Saturday, March 6, 2010

hope and force

Spring is starting to hit Vermont, slowly but surely. The days are getting sunshine and creeping into the 40s. Snow is melting in the valleys and ice fishing is becoming an extreme sport. Mornings like this are met with frozen outdoor faucets and require hats and gloves—but my noon everything feels like it's trotting into spring. My farm-mind is on delay: knowing I can't order spring poultry or start staking out garden plans because of the coming move. But a delay doesn't mean pause. I think about what's ahead this summer constantly. Trying to map out plans for everything from hen houses to rotational grazing aparati.

Pablo Neruda wrote in the Song of Despair "Oh the mad coupling of hope and force...." That line is always humming inside me. While Pablo is writing about love, it sure as hell can apply to the feelings I have about finding my own farm. It perfectly sums up the emotional situation I find myself in now. Strung between wanting something so bad I can already feel my bare feet in the dark garden soil—and knowing the effort, expense, and grit it's going to take to get me there. Hope and force, indeed.

I'm starting to get excited and nervous about the Jackson farm. So far the home buying process has gone smoothly, but it's not a done deal until the USDA confirms the mortgage. As I write you, the loan is getting underwritten and the house has been appraised. All that's left to do is wait and hope all goes as planned. I should know within the coming week. Soon as I hear word, either way, I'll let you know.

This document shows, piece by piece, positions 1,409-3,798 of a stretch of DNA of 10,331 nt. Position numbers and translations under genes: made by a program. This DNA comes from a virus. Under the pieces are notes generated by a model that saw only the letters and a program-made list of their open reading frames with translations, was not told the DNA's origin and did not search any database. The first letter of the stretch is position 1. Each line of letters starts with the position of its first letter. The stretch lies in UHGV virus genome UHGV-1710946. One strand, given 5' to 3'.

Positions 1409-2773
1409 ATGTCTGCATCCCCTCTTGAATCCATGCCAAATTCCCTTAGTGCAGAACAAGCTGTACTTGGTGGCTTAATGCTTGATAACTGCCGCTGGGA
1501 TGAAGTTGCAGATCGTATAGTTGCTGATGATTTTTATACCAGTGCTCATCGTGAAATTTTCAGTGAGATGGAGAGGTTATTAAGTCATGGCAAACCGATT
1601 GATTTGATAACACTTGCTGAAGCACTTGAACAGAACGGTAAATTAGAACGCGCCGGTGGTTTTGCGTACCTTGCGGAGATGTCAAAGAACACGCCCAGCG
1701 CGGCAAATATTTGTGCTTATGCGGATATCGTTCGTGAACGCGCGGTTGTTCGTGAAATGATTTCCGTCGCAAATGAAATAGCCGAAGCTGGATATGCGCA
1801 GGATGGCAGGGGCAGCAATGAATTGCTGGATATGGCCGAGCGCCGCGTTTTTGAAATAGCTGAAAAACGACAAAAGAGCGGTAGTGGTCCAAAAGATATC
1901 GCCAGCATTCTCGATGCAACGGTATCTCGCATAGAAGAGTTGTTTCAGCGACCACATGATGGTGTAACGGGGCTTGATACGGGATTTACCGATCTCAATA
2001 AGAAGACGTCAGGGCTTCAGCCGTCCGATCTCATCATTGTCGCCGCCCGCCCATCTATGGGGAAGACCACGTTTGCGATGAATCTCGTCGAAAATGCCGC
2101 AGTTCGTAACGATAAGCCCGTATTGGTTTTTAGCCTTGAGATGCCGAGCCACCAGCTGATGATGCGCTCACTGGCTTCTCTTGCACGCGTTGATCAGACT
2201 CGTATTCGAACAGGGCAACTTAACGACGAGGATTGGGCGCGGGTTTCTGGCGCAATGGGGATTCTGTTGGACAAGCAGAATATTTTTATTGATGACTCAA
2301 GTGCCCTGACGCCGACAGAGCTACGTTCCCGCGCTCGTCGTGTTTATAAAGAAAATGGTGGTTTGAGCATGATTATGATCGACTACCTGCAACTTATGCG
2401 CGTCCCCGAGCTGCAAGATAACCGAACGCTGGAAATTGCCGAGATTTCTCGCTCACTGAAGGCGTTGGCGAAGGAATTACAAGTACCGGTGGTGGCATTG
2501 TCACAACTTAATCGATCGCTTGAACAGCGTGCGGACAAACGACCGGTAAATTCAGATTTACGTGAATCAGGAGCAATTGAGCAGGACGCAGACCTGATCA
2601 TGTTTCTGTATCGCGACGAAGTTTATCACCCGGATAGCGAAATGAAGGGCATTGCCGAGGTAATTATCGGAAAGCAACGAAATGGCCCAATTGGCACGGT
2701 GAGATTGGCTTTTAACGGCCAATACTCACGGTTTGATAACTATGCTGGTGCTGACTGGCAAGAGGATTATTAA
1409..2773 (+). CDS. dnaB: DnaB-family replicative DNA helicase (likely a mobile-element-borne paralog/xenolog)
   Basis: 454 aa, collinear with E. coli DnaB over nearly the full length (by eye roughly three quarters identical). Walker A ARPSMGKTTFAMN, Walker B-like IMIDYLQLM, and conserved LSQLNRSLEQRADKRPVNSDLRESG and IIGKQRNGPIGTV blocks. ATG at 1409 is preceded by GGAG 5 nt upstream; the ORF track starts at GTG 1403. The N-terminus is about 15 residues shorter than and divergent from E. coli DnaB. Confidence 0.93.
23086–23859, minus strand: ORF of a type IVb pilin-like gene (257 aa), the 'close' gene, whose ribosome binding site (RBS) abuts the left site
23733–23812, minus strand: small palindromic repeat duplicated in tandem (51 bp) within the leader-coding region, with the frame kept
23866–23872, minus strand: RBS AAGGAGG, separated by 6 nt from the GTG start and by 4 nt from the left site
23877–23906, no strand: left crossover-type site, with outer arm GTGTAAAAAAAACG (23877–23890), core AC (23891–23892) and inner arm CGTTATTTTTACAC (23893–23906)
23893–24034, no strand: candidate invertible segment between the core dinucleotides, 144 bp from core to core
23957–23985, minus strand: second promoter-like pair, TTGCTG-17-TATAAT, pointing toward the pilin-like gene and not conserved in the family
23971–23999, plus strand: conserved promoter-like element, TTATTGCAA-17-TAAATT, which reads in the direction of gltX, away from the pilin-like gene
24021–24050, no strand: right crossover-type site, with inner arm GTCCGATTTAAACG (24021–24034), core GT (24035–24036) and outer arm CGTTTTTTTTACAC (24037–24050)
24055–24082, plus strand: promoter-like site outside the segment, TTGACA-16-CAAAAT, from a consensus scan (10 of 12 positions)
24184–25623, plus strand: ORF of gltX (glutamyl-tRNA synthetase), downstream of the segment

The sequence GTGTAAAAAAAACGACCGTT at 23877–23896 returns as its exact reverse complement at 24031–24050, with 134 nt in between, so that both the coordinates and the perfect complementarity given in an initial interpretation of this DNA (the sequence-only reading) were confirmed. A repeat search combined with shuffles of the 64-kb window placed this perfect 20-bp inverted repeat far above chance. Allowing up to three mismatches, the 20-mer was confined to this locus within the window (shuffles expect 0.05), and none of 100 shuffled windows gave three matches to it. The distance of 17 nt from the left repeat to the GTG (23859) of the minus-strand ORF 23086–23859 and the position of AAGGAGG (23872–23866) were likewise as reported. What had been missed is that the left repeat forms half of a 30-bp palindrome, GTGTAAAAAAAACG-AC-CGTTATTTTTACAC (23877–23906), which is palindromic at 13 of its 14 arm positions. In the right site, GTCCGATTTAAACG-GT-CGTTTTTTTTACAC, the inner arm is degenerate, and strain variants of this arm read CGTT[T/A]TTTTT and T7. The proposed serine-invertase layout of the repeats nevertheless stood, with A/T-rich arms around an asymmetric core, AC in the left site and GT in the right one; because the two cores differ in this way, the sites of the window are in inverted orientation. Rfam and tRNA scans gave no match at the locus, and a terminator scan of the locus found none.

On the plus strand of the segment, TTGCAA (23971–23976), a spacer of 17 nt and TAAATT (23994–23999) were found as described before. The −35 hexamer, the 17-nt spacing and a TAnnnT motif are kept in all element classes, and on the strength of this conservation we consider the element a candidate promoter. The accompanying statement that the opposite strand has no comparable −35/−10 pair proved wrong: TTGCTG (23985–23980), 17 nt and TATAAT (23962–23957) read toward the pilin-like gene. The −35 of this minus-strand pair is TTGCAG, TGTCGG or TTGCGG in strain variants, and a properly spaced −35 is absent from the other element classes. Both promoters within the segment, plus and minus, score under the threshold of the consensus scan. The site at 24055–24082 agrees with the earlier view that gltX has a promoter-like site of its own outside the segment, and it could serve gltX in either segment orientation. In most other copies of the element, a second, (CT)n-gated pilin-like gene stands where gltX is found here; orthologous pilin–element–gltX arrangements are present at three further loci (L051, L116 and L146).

Friday, March 5, 2010

on my mind

I love a waltz. I really do. I bet if you pressed a glass to my sternum you'd hear my heartbeat in 3/4 time.

Thursday, March 4, 2010

FRESH

Wednesday, March 3, 2010

sometimes i get emails like this at work

subject line: RUNAWAY SHEEP!

Hi Jenna,

Someone just called to tell me your 3 sheep are heading west (toward Kimballs) on the West Sandgate road. Do you want me to try to retrieve them?

UPDATE: I went back to Sandgate as soon as I got this email, and when I returned so did the sheep. They walked to the end of town on the dirt road, got bored, and walked back. When I pulled into the drive they were in the chicken coop eating scratch grains and making chickens angry. But I got them back in their pen, repaired the fence, and went back to the sanity of web design.

Tuesday, March 2, 2010

turkey tracks

That sunny afternoon I was basking turned out to be a bit of a stretch. Yesterday morning I woke up to snow. Not a lot, mind you, but indeed snow. It was a good slap in the face. A wake up call that winter was far from over. Welcome to March! I was outside feeding the chickens when I noticed new footprints in the freshly fallen snow. These weren't from the flock, these were a different bird. These were turkey tracks, and I could see the path of a parade of wild hens I must have missed in the night. I was surprised how nostalgic it made me for raising turkeys, something I never thought I'd miss. But raising a poult here on the farm a few springs ago and seeing him through to a friend's Christmas table was one of the most rewarding experiences I've had on Cold Antler.